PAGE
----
Vol. 2, No. 12 (June 15, 2009)

Azerbaijani-Israeli relations enter a new stage

Gulnara Inandzh
International Online Information Analytic Center Ethnoglobus

The upcoming June 28th visit to Baku by Israeli President Shimon Peres, a visit arranged during the May 6th meeting in Prague between Azerbaijani President Ilham Aliyev and Israeli Foreign Minister Avigdor Lieberman, opens a new stage in Azerbaijani-Israeli relations and reflects among other things Jerusalem’s desire to strengthen relations with former Soviet republics in the aftermath of Israeli operations in Gaza.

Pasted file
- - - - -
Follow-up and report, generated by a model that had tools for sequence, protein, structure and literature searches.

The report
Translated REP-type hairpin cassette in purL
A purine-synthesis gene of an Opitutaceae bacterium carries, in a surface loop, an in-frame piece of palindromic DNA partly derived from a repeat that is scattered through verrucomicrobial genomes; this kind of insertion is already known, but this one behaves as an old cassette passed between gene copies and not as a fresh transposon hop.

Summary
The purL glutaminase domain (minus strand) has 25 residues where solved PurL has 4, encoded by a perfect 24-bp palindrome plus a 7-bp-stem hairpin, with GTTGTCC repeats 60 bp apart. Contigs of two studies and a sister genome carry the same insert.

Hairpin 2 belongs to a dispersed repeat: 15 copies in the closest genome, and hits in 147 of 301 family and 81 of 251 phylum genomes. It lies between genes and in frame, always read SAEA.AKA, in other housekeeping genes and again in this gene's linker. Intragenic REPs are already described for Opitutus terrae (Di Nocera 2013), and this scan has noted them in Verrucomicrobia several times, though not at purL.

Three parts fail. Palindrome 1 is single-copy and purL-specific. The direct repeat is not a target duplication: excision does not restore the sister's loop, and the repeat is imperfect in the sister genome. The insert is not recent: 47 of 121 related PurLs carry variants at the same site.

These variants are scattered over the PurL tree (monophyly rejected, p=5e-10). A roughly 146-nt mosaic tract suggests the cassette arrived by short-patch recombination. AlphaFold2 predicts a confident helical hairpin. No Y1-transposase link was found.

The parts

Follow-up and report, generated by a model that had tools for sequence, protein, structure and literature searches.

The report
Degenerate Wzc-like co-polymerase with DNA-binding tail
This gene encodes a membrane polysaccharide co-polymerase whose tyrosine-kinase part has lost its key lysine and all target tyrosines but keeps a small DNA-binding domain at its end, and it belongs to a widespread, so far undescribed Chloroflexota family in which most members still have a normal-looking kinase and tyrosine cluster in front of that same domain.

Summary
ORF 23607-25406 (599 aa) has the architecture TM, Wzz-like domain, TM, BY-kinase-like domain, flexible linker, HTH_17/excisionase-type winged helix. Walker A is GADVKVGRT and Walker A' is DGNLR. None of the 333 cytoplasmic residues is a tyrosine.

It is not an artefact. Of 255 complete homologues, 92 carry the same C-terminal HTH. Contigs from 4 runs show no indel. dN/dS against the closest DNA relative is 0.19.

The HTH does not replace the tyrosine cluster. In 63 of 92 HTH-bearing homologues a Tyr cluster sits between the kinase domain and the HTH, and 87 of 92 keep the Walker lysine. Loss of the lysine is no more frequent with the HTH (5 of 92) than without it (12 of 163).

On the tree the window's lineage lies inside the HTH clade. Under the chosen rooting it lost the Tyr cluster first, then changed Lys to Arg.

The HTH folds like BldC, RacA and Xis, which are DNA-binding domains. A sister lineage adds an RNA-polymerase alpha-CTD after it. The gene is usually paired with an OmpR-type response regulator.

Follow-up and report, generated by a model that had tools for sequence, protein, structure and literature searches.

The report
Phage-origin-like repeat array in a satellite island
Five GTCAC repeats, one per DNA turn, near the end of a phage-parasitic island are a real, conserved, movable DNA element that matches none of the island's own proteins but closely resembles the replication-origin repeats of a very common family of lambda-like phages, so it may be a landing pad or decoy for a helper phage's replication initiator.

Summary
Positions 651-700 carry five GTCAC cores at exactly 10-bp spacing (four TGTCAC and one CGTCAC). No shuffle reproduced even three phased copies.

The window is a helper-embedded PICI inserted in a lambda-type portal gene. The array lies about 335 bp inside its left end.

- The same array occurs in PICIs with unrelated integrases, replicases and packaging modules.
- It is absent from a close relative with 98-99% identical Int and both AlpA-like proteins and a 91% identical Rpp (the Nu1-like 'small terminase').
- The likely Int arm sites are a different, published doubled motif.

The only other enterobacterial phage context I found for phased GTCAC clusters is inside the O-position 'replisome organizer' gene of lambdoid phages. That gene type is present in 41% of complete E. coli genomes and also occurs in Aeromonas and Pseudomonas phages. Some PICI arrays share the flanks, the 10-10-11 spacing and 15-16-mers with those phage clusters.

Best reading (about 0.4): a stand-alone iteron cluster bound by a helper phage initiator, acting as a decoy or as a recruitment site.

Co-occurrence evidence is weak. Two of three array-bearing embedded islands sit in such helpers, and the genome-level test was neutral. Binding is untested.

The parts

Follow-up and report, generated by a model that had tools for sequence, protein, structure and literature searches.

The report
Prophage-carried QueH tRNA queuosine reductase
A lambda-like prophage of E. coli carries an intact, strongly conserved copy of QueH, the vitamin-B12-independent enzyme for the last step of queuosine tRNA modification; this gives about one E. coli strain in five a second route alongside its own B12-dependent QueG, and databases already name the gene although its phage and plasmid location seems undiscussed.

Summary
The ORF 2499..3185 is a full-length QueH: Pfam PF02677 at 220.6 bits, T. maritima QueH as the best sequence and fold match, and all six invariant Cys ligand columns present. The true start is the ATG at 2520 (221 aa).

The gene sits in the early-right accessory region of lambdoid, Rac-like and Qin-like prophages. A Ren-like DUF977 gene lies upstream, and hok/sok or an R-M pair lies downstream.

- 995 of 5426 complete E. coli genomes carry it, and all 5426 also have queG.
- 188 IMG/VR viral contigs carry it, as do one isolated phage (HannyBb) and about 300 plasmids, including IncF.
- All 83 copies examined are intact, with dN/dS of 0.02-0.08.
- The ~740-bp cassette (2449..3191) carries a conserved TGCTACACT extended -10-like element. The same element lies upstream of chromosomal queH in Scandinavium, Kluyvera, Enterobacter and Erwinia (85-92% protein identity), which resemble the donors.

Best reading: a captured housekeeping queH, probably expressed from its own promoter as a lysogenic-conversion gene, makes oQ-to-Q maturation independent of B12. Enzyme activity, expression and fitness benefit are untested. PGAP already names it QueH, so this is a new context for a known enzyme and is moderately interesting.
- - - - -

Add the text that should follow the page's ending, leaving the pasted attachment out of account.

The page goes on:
In support of that effort, one marked out in the middle of 2008, the Israeli foreign ministry has established separate departments to deal with the European portion of the CIS, the South Caucasus and Central Asia, regions that had been the responsibility of the ministry’s broader Central European and Eurasian Department.  The new units are provisionally called Eurasia I (dealing with the European portion of the CIS) and Eurasia II (dealing with the South Caucasus and Central Asia).  The head of Eurasia II, which will also deal with Azerbaijan, is Shemi Tsur, the son of a Jewish returnee from the Iranian province of Eastern Azerbaijan (Falkov & Kogan 2009).